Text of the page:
Sunday, December 04, 2005
Professor Bradford's Meltdown Another Embarrassment For IU-Indy Law School
The meltdown of conservative IU-Indy law professor William Bradford ended rather embarrassingly for the university when the embattled professor resigned after revelations of his resume padding became public. And the journalist who started it all with a controversial one-sided column supportive of Bradford, the Star’s Ruth Hollady, now admits how wrong she was.
Bradford, who claimed to be a highly decorated war veteran, alleged that he was being denied tenure at the law school because two liberal faculty members of the tenure committee disliked him because of his veteran status and support of the Iraq war. After Holladay’s column first ran, university officials fought back, detailing many discrepancies in Holladay’s initial reporting. Some conservative faculty members sided with Bradford, while most faculty members sided with the university.
Bradford, who is also a native-American, filed an EEOC complaint against the university and threatened to file defamation law suits against the liberal professors. Bradford began making many appearances in the media, including a national appearance on Fox News’ O’Reilly Factor, in an effort to cast himself as another victim of liberal academia.
Bradford also began writing daily posts to an IU School of Law-related blog site. That is where his deceit first became apparent. He made numerous claims and allegations, promising proof, which turned out be untrue. He was even caught leaving posts under pseudonyms to promote his cause on a university-related blog site.
According to Bradford’s resume, he claimed to be a U.S. Army veteran of the first Gulf War, serving in the infantry with the rank of major and the recipient of the highly coveted Silver Star medal. In actuality, Bradford had been a mere second-lieutenant in the Army Reserves with no active duty and no awards. He served in military intelligence and not the infantry.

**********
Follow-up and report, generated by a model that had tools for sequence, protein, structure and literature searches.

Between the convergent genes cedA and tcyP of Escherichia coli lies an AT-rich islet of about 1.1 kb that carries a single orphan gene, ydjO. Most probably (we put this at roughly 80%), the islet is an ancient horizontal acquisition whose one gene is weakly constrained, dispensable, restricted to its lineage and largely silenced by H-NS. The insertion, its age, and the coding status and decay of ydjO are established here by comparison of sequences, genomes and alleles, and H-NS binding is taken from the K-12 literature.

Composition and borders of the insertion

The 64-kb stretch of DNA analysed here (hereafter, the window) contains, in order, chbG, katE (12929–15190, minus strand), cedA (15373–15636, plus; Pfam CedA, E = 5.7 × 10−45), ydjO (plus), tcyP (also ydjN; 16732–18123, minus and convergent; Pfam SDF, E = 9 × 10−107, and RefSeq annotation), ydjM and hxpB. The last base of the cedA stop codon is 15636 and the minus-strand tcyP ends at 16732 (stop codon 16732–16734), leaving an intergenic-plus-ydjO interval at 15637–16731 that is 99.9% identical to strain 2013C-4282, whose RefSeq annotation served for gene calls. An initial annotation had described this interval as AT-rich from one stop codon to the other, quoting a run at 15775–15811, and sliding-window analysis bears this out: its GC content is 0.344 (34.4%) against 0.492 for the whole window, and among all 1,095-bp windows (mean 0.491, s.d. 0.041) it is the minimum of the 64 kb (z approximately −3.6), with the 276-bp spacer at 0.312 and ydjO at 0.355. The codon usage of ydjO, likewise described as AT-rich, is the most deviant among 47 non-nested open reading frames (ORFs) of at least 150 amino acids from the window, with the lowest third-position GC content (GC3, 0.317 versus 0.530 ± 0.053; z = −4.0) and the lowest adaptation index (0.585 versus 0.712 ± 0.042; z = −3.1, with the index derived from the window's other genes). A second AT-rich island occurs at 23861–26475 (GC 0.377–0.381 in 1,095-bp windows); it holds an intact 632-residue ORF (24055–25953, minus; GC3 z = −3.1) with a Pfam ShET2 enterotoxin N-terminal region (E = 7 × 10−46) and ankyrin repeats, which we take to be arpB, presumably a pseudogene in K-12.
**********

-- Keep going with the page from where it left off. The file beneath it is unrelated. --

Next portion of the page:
Upon learning of his resignation amid the latest disclosures, some students and faculty wondered aloud about Bradford’s mental fitness on the IndyLaw Net blog site. One of Bradford’s staunchest supporters, Professor Henry Karlson, told Holladay he regretted his role in the whole affair: “’This is all very sad,’ said Karlson, who considers himself Bradford's friend. Karlson believes the votes against Bradford had nothing to do with his record. Everyone believed he was a decorated vet. He also confirmed what others in academia have told me: Universities don't check every detail in resumes. ‘I don't think that anyone comes off looking very good in this,’ he said.”
Unfortunately, this is not the first time IU Indy’s law school has been caught with its pants down concerning a professor’s credentials. Several years ago a former military aide to Olive North, who was attending the law school, got into a grade dispute with an African-American torts professor. During that controversy it was revealed that the professor’s claim on his resume that he was admitted to practice law in the state of Florida was untrue. In fact, he had failed the bar there on several attempts and had never been admitted to practice law in any state. Remarkably, that professor is still employed by the university.
The law school is currently looking for a new Dean after its last one departed after a very brief tenure.